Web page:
7)    The Psychology of Political Extremism: What Would Sigmund Freud Have Thought About Islamic State
      by Gabrielle Rifkind
(Routledge / Taylor and Francis Group, 2018).

While the vast majority of us spend our professional lives seated in our consulting room chairs, group analyst Gabrielle Rifkind has travelled, on numerous occasions, to the Middle East, deploying her considerable knowledge of psychodynamics to the facilitation of psychologically-informed conflict resolution among people who, traditionally, would never speak to one another in words. This very short and passionate text draws upon the work of Sigmund Freud and his emphasis on both the primitivity of human beings and, also, on our capacity to heal through conversation. I regard Rifkind's work as truly forward-thinking, demonstrating the creative and necessary ways in which mental health workers must now begin to apply psychoanalysis more fully than ever before in political arenas.

8)    Insane: America's Criminal Treatment of Mental Illness
      by Alisa Roth
(Basic Books / Perseus Books, Hachette Book Group, 2018).

In spite of the considerable growth of psychological thinking in recent decades, we still treat criminals with tremendous cruelty, especially those suffering from mental illnesses, by punishing them and incarcerating them, rather than engaging sufficiently in prevention and rehabilitation. The American journalist and broadcaster Alisa Roth has written a magnificent exposé of the horrors of the overburdened, overwhelmed, and wholly unsatisfactory criminal justice system during the era of Donald Trump. In the United Kingdom, the founder of the forensic psychotherapy movement, Dr. Estela Welldon, has long argued for the expansion of psychological services into prisons, and colleagues Pamela Windham Stewart and Jessica Collier will soon be publishing a wonderful book on the current state of psychotherapy in British prisons. One hopes that Roth's well-researched and, at times, jaw-dropping study will stimulate further interest in the nature of prisons around the world and will create more space for the development of a psychological humanisation of such often ghastly institutions.

9)    Asperger's Children: The Origins of Autism in Nazi Vienna
      by Edith Sheffer
(W.W. Norton and Company, 2018).

The word "Asperger" has, in recent years, become such a gross cliche that virtually every couple with whom I work psychoanalytically complains, "My spouse is a bit Asperger's. He never asks about my feelings." But the real Asperger - Austrian physician Dr. Hans Asperger - has become increasingly eclipsed. Thankfully, historian Dr. Edith Sheffer has produced a stunning work of scholarship, revealing Asperger's relationship to National Socialism and his role in the extermination of disabled children. An unputdownable, albeit painful, work of high-level historiography, Sheffer reminds us only too chillingly of the way in which even the best-intentioned of mental health professionals fall prey to the political and social climate in which we practice.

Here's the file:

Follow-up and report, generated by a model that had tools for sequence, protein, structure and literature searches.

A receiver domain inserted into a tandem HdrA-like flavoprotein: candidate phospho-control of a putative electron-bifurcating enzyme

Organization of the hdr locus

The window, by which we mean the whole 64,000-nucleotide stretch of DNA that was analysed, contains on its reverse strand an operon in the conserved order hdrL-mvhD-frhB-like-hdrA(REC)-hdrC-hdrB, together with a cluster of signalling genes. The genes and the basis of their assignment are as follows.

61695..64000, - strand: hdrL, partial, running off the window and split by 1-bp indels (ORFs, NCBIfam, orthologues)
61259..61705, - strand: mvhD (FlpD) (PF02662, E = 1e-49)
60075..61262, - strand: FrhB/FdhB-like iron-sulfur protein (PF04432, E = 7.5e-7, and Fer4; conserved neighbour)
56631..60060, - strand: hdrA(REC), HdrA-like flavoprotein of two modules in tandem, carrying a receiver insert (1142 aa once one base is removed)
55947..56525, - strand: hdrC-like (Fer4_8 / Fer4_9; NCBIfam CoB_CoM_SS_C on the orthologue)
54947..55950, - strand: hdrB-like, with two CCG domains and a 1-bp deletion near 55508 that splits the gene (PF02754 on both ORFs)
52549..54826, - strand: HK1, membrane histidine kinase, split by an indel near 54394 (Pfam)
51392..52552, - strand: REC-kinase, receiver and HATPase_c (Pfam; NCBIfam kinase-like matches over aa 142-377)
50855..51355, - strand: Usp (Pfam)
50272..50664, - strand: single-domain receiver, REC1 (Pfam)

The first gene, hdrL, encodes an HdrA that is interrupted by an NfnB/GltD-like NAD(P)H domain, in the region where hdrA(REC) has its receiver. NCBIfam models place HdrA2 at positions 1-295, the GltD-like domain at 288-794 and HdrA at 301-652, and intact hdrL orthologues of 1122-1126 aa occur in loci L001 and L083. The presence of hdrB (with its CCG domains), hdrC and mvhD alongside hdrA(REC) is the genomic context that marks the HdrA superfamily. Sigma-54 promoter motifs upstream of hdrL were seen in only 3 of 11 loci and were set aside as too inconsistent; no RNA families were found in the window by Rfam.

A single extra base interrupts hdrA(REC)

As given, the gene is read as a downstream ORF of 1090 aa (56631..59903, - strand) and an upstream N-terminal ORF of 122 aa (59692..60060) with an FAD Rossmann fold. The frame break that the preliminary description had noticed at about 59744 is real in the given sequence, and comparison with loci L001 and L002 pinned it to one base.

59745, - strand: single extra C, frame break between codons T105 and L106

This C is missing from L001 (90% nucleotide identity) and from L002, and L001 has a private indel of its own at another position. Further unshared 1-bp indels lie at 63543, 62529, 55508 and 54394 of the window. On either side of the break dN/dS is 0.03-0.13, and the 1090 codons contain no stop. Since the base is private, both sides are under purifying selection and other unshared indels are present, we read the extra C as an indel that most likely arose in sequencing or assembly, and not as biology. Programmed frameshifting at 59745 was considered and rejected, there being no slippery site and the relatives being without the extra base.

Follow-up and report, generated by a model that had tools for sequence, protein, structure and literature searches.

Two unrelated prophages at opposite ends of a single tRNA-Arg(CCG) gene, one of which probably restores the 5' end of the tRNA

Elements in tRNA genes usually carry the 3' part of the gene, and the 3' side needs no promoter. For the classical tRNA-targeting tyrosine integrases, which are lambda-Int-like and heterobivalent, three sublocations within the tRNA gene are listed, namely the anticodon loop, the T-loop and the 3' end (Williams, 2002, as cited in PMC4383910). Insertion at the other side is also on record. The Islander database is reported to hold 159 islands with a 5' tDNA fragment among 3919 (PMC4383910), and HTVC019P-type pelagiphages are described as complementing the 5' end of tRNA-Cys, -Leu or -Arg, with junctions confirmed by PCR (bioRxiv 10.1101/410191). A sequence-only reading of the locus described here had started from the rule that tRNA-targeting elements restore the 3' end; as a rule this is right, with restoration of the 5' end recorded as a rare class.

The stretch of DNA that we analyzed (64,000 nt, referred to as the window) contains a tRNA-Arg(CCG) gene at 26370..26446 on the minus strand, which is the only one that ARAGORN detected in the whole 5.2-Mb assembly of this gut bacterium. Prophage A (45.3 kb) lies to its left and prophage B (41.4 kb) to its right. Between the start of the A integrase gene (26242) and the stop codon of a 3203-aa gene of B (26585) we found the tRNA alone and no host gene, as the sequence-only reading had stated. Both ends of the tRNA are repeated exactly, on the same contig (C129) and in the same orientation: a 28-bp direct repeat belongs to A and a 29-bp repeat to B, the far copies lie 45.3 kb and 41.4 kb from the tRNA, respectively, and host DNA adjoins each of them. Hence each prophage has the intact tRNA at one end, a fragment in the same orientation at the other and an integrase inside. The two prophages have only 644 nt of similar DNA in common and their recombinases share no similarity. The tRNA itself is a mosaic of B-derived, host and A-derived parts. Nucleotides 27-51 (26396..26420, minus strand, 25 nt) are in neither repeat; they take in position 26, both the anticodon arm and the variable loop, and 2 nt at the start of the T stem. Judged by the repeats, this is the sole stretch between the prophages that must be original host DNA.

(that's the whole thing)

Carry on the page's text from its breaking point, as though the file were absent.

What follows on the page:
10)    Dementia: An Attachment Approach
      by Kate White, Angela Cotter and Hazel Leventhal
(Routledge / Taylor and Francis Group, 2019).

Kate White, one of the founders of The Bowlby Centre, has, over many years, explored the psychology of dementia and the impact of the securely-attached relationship between client and carer as a significant factor in slowing the progression of this cruel disease. Together with colleagues Angela Cotter and Hazel Leventhal, she has produced a truly blue-sky, edited book exploring how attachment theory and psychodynamic psychology can contribute to our understanding of dementia and, also, to the provision of better support for families at large. Drawing upon clinical data, empirical research, and personal experience, the authors have concluded that security of attachment in the histories of people with dementia will result in the capacity for greater joy, increased sociability, and decreased anger, compared to those who have come from more insecurely attached homes. I cannot do justice to the brilliance of this book in a few short sentences, but as dementia has now become part of our everyday lives, this text promises to be the new Bible, which will help us navigate such extremely painful and complex but, also, at times, hopeful territory.

Briefly Noted: